Solved! What to Do When a Bird Hits Your Window
Most homeowners have experienced the telltale thud of a bird hitting a window, but few know what to do when it happens.
Q: My wife and I have windows and sliding glass doors off our deck and have had more than one instance in which birds have flown into our glass windows. What should we do when this happens?
A: While popular belief is that birds fly into windows because they don’t see the glass, it’s actually what they do see in the glass that causes them to keep flying when they should turn in a different direction.
There are a few different reasons for these collisions, depending on the time of day. During the daytime, birds see reflections from trees, bushes, and other vegetation in the yard, which tricks them into thinking that they’re flying into an open space. They may also see their reflection in the window, think it’s an invading bird, and attack it. At night, however, birds are attracted to the light that shines through the glass, and this causes them to fly into the window.
For more bird-friendly windows, make the glass more visible by closing shades, curtains, or blinds. At night, keep blinds closed or turn off the lights. If you have more serious problems with bird collisions, or if you’re building a new home with large windows that may confuse birds, you can try more expensive techniques. For instance, UV-reflective glass is opaque to birds but translucent to humans, or you can angle your windows slightly downward so they won’t reflect the surrounding landscaping or sky.
Sadly, about half of all birds who fly into windows die from their injuries. Even those that manage to fly away die later from internal bleeding or trauma to the brain. But if a bird survives the initial impact, there are actions you can take to treat an injured feathered friend.
Find the bird and observe it closely.
Locate the bird’s body. Before moving or physically examining the bird, watch it carefully to determine if it is hurt or not. In some cases, the bird may simply be stunned and just needs a little time to recover before it can fly away. If the bird is unconscious or flopping around, it may be injured and need treatment.
Try to determine if it is injured.
You don’t need to be a veterinarian to check a bird to see if it’s injured. Put on gloves and then gently pick up the bird or carefully wrap it in a towel. Examine it, checking for cuts or other signs of injury. Look to see if the bird is holding its wings properly or if one is dangling. Also, check to see if the bird’s eyes appear to be functioning normally. If it has any visible broken bones or wounds, wrap them in gauze and contact a wildlife rehabilitation service as soon as possible.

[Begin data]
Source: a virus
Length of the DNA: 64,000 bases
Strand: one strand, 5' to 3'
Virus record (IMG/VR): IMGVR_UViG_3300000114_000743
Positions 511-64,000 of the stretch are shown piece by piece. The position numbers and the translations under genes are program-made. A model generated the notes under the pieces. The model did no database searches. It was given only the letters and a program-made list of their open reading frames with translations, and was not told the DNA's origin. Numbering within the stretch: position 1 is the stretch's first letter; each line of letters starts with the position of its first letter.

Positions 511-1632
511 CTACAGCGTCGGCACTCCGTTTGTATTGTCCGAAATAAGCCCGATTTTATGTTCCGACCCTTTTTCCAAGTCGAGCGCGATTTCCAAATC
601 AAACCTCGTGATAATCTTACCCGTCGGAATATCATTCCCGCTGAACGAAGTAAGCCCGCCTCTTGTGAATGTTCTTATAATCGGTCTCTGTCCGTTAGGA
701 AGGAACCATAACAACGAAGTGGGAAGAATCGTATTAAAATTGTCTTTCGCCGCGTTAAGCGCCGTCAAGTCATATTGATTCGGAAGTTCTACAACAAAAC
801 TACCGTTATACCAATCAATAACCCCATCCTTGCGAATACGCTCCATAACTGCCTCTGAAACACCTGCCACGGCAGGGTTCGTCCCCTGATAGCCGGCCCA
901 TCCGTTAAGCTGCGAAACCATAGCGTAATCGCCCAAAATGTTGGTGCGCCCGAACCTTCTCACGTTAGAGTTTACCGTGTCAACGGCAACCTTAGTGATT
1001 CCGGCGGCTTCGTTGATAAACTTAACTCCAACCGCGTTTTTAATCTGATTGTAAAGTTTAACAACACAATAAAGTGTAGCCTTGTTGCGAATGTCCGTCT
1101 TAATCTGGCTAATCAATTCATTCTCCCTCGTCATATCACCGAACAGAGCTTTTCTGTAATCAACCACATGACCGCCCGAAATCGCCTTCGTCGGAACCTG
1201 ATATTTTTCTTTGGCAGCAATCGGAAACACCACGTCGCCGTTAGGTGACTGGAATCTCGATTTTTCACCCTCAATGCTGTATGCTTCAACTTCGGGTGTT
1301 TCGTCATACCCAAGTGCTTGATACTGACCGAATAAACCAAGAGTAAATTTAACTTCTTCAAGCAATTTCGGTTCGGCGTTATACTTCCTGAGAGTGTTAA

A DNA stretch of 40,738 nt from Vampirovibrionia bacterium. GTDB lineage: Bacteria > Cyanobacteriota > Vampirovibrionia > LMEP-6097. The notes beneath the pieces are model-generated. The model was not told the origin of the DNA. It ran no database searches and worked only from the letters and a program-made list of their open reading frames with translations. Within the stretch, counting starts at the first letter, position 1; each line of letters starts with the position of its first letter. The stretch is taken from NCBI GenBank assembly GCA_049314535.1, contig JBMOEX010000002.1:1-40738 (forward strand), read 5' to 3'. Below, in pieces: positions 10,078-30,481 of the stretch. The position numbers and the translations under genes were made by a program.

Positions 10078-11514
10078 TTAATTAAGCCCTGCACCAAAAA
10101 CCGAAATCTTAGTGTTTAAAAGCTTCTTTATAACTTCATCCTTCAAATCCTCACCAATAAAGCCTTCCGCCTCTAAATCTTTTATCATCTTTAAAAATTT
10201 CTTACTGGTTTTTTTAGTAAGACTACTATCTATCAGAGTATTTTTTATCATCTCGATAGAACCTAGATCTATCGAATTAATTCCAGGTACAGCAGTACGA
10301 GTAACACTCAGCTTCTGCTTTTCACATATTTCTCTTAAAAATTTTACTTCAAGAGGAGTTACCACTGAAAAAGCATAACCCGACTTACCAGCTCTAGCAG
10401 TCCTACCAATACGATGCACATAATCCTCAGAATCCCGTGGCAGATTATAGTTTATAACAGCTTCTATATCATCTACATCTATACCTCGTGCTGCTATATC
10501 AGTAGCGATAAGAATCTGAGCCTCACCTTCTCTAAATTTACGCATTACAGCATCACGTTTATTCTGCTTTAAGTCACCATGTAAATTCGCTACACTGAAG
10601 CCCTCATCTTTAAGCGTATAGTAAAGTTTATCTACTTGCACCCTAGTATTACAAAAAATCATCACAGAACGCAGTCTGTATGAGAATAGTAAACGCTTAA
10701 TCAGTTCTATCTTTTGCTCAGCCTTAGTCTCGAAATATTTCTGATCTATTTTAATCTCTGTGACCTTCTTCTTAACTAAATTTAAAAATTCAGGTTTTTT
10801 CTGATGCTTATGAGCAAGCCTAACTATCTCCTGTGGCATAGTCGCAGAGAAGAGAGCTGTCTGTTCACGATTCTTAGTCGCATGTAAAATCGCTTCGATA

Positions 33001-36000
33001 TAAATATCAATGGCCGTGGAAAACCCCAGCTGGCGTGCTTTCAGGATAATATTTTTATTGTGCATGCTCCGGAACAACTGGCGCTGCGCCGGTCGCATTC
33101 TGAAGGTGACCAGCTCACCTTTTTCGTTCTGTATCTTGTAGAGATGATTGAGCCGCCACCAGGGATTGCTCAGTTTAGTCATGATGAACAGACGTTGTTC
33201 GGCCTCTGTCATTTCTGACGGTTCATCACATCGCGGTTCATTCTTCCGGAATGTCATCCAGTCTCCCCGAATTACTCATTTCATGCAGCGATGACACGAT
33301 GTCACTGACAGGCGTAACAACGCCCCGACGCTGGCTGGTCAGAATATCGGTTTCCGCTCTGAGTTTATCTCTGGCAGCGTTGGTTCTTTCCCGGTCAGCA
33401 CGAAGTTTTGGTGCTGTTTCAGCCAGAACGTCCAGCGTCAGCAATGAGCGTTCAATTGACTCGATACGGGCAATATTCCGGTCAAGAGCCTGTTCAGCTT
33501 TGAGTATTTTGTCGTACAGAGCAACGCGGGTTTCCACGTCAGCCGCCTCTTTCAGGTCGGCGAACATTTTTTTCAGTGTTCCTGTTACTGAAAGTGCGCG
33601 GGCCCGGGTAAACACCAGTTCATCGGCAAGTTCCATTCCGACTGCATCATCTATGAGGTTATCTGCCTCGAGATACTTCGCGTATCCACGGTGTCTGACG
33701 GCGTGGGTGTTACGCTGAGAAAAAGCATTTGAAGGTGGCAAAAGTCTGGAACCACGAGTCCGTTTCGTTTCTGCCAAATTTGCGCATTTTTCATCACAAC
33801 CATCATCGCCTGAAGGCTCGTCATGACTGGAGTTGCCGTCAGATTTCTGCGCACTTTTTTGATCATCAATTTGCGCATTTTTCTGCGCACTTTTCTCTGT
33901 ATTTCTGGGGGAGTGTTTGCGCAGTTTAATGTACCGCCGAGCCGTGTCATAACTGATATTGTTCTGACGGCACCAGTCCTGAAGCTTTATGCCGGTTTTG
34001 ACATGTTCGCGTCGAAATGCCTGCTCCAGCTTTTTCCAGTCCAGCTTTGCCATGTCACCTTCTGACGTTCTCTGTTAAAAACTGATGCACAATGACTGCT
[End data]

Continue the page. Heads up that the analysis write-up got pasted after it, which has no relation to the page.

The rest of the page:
Keep the bird safe.
It’s best not to move a bird after a collision. If, however, predators are lurking or the temperature is too cold, it may be necessary to do so. Find a bag or box that’s large enough to accommodate the bird’s wingspan and place the bird inside, being careful not to touch it with bare hands. Make sure the bag or box is loosely closed or has plenty of air holes to promote ventilation. The darkness will keep the bird calm when it wakes up, which should happen in a matter of minutes if the bird is not seriously injured.
Start the healing process and give it enough recovery time.
Keep the bird in a warm, dark place away from kids and noise. Check on the bird periodically but be careful when making your assessment. Accidentally releasing an injured bird indoors could cause it to panic and injure itself more severely. Also, don’t attempt to feed the bird or give it water. This could potentially cause harm, and the bird won’t need feeding in the short time it takes to recover. If the bird doesn’t recover after a few hours and is still breathing, contact a wildlife organization for help.
Once it’s healed, release the bird back to the wilderness.
If the bird appears to have recovered, return it to the site of impact so it can more easily identify where it is when you release it. If the area isn’t safe, find a location nearby to release the bird. Once free, the bird should quickly fly away. If the bird is not able to fly away, contact a local wildlife rehabilitation center immediately. Because it’s illegal to handle a migratory bird, it’s important to hand the bird off to professionals if it doesn’t recover within an hour or so.
There’s a good chance the bird will succumb to injuries that weren’t immediately visible when you first examined it. If the bird does die, you’ll need to dispose of the body in a sanitary manner by sealing it in a plastic bag and placing it in a trash container with a lid.